But now researchers are warning that the Swiss wildcat's rugged sex appeal for domestic house cats could spell its downfall.
The European wildcat had all but disappeared from the Jura mountains in western Switzerland until five decades ago, when the species began multiplying again there.
A team of biologists at the University of Geneva, in collaboration with Zurich University and Oxford in Britain, identified the new threat after mapping out mating between wildcats and their domestic cousins.
“The different modelled scenarios show that within the next 200-300 years — a very short period on the evolutionary scale — hybridisation will lead to an irreversible genetic replacement,” the University of Geneva said in a statement Tuesday.
This, it warned, would soon make it impossible to tell the difference between wildcats and domestic cats, as is already the case in Scotland and Hungary.
The researchers' findings, published in the review Evolutionary Applications, showed that while wildcats and domestic cats are considered two distinct subspecies, they can mate and give birth to fertile hybrid kittens.
Such “hybridisation” between wild and domesticated organisms is especially known to threaten the genetic distinctiveness for the wild species.
In Switzerland for instance, there are only a few hundred individual wildcats, compared to more than a million domestic cats.
“We project the fast introgression of domestic cat genes into the wildcat population under all scenarios if hybridisation is not severely restricted,” the study said.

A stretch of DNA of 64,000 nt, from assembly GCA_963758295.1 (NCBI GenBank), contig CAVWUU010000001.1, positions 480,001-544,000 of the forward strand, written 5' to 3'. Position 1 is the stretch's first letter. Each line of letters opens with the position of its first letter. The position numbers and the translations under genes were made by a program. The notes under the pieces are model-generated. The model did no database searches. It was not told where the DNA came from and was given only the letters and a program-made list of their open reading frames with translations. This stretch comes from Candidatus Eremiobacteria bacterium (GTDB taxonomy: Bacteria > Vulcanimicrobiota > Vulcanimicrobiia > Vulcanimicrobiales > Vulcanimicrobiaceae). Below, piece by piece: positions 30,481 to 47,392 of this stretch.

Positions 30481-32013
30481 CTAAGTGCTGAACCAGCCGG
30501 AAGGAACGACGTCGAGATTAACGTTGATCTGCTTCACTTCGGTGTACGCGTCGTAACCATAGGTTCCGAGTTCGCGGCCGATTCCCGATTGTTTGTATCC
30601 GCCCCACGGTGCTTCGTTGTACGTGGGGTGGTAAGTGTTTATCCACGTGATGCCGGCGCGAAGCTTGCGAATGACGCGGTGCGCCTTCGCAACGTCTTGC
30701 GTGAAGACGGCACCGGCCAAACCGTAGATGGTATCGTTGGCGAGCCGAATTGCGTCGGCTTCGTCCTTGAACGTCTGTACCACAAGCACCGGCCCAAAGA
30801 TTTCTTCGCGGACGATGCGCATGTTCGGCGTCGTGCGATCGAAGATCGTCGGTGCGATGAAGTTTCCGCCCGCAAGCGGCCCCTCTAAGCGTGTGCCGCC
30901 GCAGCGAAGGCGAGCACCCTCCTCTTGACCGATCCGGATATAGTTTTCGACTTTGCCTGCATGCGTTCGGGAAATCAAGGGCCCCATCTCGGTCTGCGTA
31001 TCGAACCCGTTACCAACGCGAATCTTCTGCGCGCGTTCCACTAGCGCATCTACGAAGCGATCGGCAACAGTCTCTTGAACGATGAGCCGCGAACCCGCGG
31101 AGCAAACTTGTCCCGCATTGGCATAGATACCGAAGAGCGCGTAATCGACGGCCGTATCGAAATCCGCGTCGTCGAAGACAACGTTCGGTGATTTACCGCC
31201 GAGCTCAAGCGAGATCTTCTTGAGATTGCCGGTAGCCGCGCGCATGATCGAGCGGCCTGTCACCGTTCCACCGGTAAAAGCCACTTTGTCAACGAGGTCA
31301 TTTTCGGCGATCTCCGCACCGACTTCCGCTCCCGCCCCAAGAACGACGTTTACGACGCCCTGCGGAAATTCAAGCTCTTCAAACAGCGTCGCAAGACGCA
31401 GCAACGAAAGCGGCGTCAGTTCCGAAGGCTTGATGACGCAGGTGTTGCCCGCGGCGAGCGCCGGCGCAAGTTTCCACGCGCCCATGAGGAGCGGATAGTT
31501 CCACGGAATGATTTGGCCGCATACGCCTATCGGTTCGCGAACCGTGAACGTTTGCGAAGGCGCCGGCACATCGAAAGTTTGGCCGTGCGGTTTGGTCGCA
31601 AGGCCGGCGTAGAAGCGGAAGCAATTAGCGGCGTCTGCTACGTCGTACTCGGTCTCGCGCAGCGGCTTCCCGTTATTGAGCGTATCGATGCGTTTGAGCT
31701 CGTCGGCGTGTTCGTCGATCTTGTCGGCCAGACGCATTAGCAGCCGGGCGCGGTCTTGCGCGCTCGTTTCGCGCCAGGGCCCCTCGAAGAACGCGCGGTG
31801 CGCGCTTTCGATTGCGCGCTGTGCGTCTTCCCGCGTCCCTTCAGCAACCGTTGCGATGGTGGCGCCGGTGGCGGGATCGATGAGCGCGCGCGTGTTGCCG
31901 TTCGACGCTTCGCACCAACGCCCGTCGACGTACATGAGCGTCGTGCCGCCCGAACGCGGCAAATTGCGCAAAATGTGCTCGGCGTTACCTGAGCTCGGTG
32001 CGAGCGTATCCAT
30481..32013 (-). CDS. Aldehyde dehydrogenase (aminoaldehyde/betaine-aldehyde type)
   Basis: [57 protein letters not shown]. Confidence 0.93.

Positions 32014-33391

If current hybridisation rates and population sizes remained unchanged, the study warned, “we expect the loss of genetic distinctiveness between wild and domestic cats… in one hundred years”.
But under other scenarios, involving, for instance, a faster-growing wildcat population, the process could take longer, it added.
Call of the wild
According to the study, between five and 10 percent of contacts between wild and domestic cats have resulted in births of hybrid kittens.
Juan Montoya-Burgos, lab chief at the University of Geneva's Department of Genetics and Evolution and co-author of the study, warned that the research pointed towards “irreversible genetic replacement, leading in time to the disappearance of the wildcat”.
“Only halting coupling of the two species will allow for the conservation of the wild species,” he said in the statement.
The researchers stressed the need for “a drastic reduction of hybridisation opportunities”, urging the sterilisation of all female domestic cats in areas bordering on forests.
Domestic females, they said, should be the main focus, since they appear far more willing to mate with wild males than their wildcat counterparts are willing to submit to domestic males.
Montoya-Burgos stressed the importance of taking early action.
“If we remain passive, the threat facing wildcats in the Jura could be irreversible.”